Previous experimental studies39,40 have estimated the phenomenon at the origin of the observed hysteresis to take place on a timescale of microseconds to seconds. The relatively long timescale of this phenomenon suggests that it is a thermally activated process characterized by an activation energy sizably higher than the thermal energy available to the system. Here we have used a combined experimental and theoretical approach to determine this activation energy, and to identify the causative process. Experimentally we have determined the activation energy of the hysteretic process from the temperature-dependent measurement of the JV curve for MAPbI3 and MAPbBr3. By density functional based simulations we have determined the activation energy of different ion (vacancy) migrations in the crystal lattice as well as the characteristic rotational time of the MA ions. This combined approach allowed us to establish the general nature of the phenomenon and its activation energy. Our results support the hypothesis that hysteresis is due to halide ion (vacancy) migration induced polarization of the perovskite layer and exclude a ferroelectric effect due to the alignment of the MA ions.


Experimental determination of the activation energy

To determine the activation energy, Ea, of the process underlying the hysteretic behaviour, we have chosen a simple approach consisting in analysing the effect of the temperature on the JV curve of perovskite solar cell devices under illumination. A typical plot of different JV curves under illumination is presented in Fig. 1. The efficiencies of the devices with iodide were in the range of 10–14% PCE. Bromide devices had lower efficiencies, mainly because of the low Jsc (about 3–5 mA cm−2), resulting in a power conversion efficiency (PCE) of 2–4%.

Figure 1: JV curves of an iodide-based device.

(a) At 1 sun at −15°C (b) at different temperatures (for a better comparison all curves are scaled to reach the same Jsc for the reverse scans). The voltage scan rate is 50 mV s−1 between −0.5 to 1.1 V. Between each forward and backward scan the potential was kept constant for 50 s to let the device equilibrate (please see text for further explanation). Red (20 °C); blue (5 °C); green (−5 °C); and black (−15 °C).

The general protocol for most of the measurements was (if no other conditions are indicated): (i) 50 s waiting at reverse potential (−0.5 V); (ii) scanning the JV curve with 50 mV s−1 to 1.1 V forward bias (in the following denoted as ‘forward scan’); (iii) 50 s waiting at 1.1 V forward bias; and (iv) scanning the JV curve with 50 mV s−1 back to −0.5 V reverse bias (‘reverse scan’).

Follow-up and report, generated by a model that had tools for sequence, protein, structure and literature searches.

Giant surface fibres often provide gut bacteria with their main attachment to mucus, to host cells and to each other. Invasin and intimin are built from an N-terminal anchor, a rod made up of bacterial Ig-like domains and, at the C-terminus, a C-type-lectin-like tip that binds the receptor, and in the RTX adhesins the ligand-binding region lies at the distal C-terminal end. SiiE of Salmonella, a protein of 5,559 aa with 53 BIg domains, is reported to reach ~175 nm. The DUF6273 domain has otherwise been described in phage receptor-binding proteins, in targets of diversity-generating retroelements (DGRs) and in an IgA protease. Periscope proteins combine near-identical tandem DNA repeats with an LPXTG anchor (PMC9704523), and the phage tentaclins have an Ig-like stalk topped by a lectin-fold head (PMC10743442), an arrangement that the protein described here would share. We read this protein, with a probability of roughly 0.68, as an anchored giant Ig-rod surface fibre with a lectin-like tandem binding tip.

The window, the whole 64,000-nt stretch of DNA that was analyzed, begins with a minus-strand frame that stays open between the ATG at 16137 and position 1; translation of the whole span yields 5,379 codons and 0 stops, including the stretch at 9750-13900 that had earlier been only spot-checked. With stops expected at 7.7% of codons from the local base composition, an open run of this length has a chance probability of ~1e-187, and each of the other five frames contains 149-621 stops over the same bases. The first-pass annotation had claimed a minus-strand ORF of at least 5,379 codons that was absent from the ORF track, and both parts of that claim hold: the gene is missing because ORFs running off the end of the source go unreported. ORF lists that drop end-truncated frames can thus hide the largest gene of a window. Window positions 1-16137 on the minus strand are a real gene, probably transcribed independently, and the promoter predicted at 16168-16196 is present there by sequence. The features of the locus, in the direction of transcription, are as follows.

The measurements have been performed at several different temperatures (normally between 20 and −20 °C). Figure 1b shows the dependence of the JV curve on the temperature. The measurements were started at 20 °C. After each measurement cycle, the JV curve of the device was re-measured at 20 °C to ensure that the device did not degrade during the measurements. Several features can be observed in the JV curve in Fig. 1b. The reverse scans show minor dependence on the temperature exhibiting generally a similar shape. Furthermore, one can observe a ‘bump’ immediately before reaching a plateau of the current. This bump appeared for most of the devices though shape and change with temperature was not further investigated (please, see also text below regarding the phenomenon). The forward scans show a stronger dependence on the temperature. The slope of the overall current increases just as if the shunt resistance decreases with temperature. In other words, at room temperature the hysteresis between forward and reverse scan is small. Upon decreasing the temperature, the hysteresis between forward and reverse scan increases. To extract the Ea, we measured the hysteresis as the difference of the current at a given voltage along the backward and forward scan, ΔI=JB(V)−JF(V), and studied its dependence on the temperature.

The simultaneous presence of several types of charge carriers (electrons, holes and ionic defects) in the system, the possibility that polarization affects the carrier dynamics in the perovksite layer or at the interface with the contacts, altering absorption, transport and recombination properties, makes it impossible to derive an analytical expression of the dependence of ΔI as a function of the temperature. A numerical solution, on the other hand, requires the determination of the dependence of the generation rate, diffusion coefficient, recombination rate and surface recombination velocity on temperature and the polarization of the perovskite layer. Moreover, in view of simulating hysteretic behaviour as a function of the temperature and sweeping rate, the solution of the time-dependent transport-reaction problem is required, and not the simpler steady-state solution of the time-independent problem. All this renders also the numerical solution option for interpreting experimental results out of reach at the moment. Thus, similarly to other authors (see, for example, Eames et al.24 and Yang et al.41), we have used an empirical relation between ΔI and T: